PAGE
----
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Plan 9 - man page for diff (plan9 section 1)

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DIFF(1) 										  DIFF(1)

       diff - differential file comparator

       diff [ -efbwr ] file1 ... file2

       Diff  tells  what lines must be changed in two files to bring them into agreement.  If one
       file is a directory, then a file in that directory with basename the same as that  of  the
       other  file  is	used.	If  both  files are directories, similarly named files in the two
       directories are compared by the method of diff for text files and  cmp(1)  otherwise.   If
       more than two file names are given, then each argument is compared to the last argument as
       above.  The -r option causes diff to process similarly named  subdirectories  recursively.
       The normal output contains lines of these forms:

	    n1 a n3,n4
	    n1,n2 d n3
	    n1,n2 c n3,n4

       These  lines resemble ed commands to convert file1 into file2.  The numbers after the let-
       ters pertain to file2.  In fact, by exchanging `a' for `d' and reading  backward  one  may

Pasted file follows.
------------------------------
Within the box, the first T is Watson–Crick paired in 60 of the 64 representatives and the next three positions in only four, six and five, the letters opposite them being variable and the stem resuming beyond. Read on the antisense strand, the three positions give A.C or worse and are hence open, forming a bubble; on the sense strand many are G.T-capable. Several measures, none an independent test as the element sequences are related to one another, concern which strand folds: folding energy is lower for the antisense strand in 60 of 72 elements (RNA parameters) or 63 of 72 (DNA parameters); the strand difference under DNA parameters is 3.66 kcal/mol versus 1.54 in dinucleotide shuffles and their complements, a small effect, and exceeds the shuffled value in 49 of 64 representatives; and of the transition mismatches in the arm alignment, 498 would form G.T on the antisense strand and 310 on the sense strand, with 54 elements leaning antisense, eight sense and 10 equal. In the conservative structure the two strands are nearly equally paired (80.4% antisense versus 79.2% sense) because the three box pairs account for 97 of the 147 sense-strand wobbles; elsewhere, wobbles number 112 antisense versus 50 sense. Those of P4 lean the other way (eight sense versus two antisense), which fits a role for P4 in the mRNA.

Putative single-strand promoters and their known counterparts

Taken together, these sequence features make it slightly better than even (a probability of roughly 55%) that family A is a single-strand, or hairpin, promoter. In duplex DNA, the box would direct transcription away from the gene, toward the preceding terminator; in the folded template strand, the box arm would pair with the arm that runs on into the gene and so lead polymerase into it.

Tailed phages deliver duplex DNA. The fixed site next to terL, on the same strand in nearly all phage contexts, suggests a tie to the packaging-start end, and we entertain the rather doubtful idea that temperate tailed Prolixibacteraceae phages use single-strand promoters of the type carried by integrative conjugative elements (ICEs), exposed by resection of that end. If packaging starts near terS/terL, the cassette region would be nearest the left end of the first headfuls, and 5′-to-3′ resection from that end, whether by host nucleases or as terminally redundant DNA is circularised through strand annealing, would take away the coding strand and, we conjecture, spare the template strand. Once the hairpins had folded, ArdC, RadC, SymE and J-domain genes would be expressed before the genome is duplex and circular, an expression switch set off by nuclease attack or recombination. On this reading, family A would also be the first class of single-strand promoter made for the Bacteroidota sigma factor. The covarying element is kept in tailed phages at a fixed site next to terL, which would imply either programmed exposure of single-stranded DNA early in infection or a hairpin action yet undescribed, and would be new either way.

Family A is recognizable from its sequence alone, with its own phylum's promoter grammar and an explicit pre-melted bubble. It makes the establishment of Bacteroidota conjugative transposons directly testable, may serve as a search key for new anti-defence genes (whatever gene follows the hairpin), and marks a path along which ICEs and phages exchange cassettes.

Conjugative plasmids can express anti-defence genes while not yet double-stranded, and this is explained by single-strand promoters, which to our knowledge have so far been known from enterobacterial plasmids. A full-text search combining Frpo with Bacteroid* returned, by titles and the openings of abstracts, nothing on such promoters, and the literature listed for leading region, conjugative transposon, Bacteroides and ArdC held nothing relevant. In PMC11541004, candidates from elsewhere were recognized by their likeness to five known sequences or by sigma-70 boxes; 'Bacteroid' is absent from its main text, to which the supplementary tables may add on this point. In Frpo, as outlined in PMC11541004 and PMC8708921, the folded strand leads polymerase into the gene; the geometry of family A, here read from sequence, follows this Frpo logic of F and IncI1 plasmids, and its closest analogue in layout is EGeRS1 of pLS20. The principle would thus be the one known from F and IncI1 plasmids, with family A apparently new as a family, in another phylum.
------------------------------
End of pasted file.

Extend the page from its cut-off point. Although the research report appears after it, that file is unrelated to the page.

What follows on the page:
ascertain  equally  how to convert file2 into file1.  As in ed, identical pairs where n1 =
       n2 or n3 = n4 are abbreviated as a single number.

       Following each of these lines come all the lines that  are  affected  in  the  first  file
       flagged by `<', then all the lines that are affected in the second file flagged by `>'.

       The  -b option causes trailing blanks (spaces and tabs) to be ignored and other strings of
       blanks to compare equal.  The -w option causes all white-space to be  removed  from  input
       lines before applying the difference algorithm.

       The  -e	option	produces  a  script  of a, c and d commands for the editor ed, which will
       recreate file2 from file1.  The -f option produces a similar script, not useful	with  ed,
       in  the opposite order. It may, however, be useful as input to a stream-oriented post-pro-

       Except in rare circumstances, diff finds a smallest sufficient set of file differences.



       cmp(1), ed(1)

       Exit status is the empty string for no differences, for some, and for trouble.

       Editing scripts produced under the -e or -f option are naive about creating lines consist-
       ing of a single `.'.
       When running diff on directories, the notion of what is a text file is open to debate.

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